Does your body shape really dictate how fit you are? 4 years ago

Does your body shape really dictate how fit you are?

On Saturday night, Anthony Joshua relinquished his world title to a man with a much higher body fat percentage

Andy Ruiz Jr was widely ridiculed before the fight for his body shape. The Mexican actually revelled in his pre-fight diet consisting mainly of Snickers bars. But this criticism proved wide of the mark when Ruiz stopped Joshua in the seventh round.


Joshua is renowned for the excellent physical condition in which he turns up for fights. Many believe he wouldn't even look out of place on the bodybuilding stage. However, this result questions just how important your body shape is, as a marker of overall fitness.

Does your body shape really dictate how fit you are?

We asked a top exercise scientist for his thoughts. Jim Kerss is a Sports and Exercise Medicine Consultant at The Manchester Institute of Health & Performance (MIHP).


Kerss was quick to point out that your level of body fat doesn't necessarily mean you're unfit.

"There is good evidence you can be overweight and still physically fit. Research has shown that it is better to be overweight and physically fit rather than thin and unfit."

Similarly, being ripped doesn't say a lot for your overall fitness levels either.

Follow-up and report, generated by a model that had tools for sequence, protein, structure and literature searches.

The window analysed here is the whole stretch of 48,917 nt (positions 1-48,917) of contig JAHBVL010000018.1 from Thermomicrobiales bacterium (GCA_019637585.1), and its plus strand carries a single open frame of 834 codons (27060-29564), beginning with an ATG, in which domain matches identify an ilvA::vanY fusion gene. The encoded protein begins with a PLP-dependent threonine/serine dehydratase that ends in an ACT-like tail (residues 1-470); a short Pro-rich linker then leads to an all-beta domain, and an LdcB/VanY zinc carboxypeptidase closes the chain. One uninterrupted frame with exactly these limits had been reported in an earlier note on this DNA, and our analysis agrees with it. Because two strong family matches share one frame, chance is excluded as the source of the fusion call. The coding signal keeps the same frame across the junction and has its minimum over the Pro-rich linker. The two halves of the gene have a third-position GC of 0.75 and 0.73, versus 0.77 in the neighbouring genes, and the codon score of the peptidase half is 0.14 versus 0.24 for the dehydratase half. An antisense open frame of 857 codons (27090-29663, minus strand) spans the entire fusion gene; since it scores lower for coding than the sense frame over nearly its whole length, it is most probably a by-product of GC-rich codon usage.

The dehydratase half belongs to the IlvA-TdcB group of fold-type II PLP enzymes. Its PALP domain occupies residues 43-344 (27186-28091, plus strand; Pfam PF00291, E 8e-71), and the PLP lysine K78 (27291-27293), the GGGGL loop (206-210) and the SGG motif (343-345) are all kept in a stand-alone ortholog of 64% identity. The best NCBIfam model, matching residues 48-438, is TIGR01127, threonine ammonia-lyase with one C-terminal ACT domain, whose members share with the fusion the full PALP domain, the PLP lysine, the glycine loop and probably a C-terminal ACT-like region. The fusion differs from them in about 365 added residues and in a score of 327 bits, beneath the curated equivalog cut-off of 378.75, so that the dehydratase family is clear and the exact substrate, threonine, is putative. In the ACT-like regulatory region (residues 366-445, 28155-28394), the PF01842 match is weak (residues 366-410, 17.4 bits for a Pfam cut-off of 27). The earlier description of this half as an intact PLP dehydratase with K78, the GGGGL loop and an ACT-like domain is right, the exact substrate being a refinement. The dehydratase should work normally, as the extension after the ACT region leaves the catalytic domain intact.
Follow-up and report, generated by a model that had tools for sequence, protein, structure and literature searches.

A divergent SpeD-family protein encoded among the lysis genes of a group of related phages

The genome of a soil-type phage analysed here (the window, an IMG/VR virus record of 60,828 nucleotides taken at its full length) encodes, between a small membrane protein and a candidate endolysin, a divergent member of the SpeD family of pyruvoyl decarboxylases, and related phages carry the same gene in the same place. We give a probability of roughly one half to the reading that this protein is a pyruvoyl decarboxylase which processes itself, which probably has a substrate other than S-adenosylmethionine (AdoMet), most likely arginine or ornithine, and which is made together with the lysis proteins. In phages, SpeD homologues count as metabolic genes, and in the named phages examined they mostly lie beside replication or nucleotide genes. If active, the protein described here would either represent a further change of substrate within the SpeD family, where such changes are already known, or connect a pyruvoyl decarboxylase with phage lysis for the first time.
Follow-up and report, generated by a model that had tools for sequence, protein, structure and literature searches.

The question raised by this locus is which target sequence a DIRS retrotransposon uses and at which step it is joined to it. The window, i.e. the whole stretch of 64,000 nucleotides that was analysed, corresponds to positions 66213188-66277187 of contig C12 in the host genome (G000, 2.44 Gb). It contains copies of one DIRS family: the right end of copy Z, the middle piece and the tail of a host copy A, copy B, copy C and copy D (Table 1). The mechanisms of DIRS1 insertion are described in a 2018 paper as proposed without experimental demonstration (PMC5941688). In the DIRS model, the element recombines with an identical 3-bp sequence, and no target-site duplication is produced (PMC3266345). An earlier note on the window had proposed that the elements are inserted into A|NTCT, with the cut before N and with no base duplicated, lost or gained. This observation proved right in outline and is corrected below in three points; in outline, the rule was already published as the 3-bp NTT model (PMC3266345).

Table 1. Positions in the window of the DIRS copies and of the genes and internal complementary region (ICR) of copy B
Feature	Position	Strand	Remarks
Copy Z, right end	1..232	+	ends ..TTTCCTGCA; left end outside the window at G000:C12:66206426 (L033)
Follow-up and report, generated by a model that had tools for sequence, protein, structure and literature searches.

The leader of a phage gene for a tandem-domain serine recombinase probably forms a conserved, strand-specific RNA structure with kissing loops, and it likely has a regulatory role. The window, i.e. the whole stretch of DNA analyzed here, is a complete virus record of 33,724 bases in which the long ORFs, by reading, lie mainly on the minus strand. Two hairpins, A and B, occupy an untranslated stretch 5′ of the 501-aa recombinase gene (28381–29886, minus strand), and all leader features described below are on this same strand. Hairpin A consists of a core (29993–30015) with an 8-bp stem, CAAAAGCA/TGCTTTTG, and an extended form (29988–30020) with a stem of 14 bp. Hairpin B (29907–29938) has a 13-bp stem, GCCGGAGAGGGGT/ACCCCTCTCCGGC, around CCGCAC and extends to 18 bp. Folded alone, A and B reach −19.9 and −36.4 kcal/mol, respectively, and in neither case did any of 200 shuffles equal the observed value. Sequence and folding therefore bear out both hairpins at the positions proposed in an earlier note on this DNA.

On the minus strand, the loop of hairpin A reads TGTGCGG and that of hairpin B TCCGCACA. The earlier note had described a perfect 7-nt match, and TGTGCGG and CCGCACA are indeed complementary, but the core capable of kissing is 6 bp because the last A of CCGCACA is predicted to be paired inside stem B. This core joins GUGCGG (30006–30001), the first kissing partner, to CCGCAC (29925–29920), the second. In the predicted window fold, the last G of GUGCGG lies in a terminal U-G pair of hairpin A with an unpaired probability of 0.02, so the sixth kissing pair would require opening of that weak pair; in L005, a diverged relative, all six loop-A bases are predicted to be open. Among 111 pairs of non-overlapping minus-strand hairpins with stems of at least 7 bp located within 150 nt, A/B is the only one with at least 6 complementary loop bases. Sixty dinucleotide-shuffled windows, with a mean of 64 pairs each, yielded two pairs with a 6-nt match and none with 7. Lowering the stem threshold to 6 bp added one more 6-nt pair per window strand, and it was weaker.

"This may just be a consequence of having a low body fat percentage, and does not necessarily mean the individual is physically fit."


What do we mean by 'fitness'?

We asked Kerss to explain the best methods for analysing fitness levels.


"This can be assessed with a range of tests dependent on a range of factors such as what sport or physical activity the person is taking part in, age and what area of fitness you are wanting to assess."

Kerss says that there are different types of fitness.

"Aerobic, muscular endurance, power or strength for example, all of which require a different assessment. You can also be deemed 'fit' in one area but not in another -  for example having excellent muscular strength but low aerobic fitness."

Aerobic fitness says more about your cardio performance and endurance than anything else. It's difficult to assess this by looking at someone's muscle mass and level of body fat.

Kerss says, "A well recognised way of assessing a person's aerobic fitness is through a VO2 max measure, but again, this only gives you an insight into the person's aerobic fitness."


This is not to say you should lose sight of your weight. There are clear dangers of being too lean or too overweight.

The dangers of being overweight and underweight

"At the extremes of being underweight or overweight, there are significant health consequences.

"Our focus should be on achieving and maintaining a healthy weight, and being physically active in line with the UK guidelines on physical activity."

It can be useful to have fat loss as a fitness goal, but Kerss says you shouldn't obsess over this.

"For anyone wanting to become more physically active, it can be helpful to have a goal to motivate you.

"But we should try and shift the focus away from just a weight target, or even thinking of weight and physical fitness as the same thing."

Simply staying active is the most important factor for boosting your fitness levels.

Kerss says, "We can gain significant health benefits for the prevention of a large range of medical conditions from being physically active - irrespective of your weight, which doesn't have to be the primary focus."

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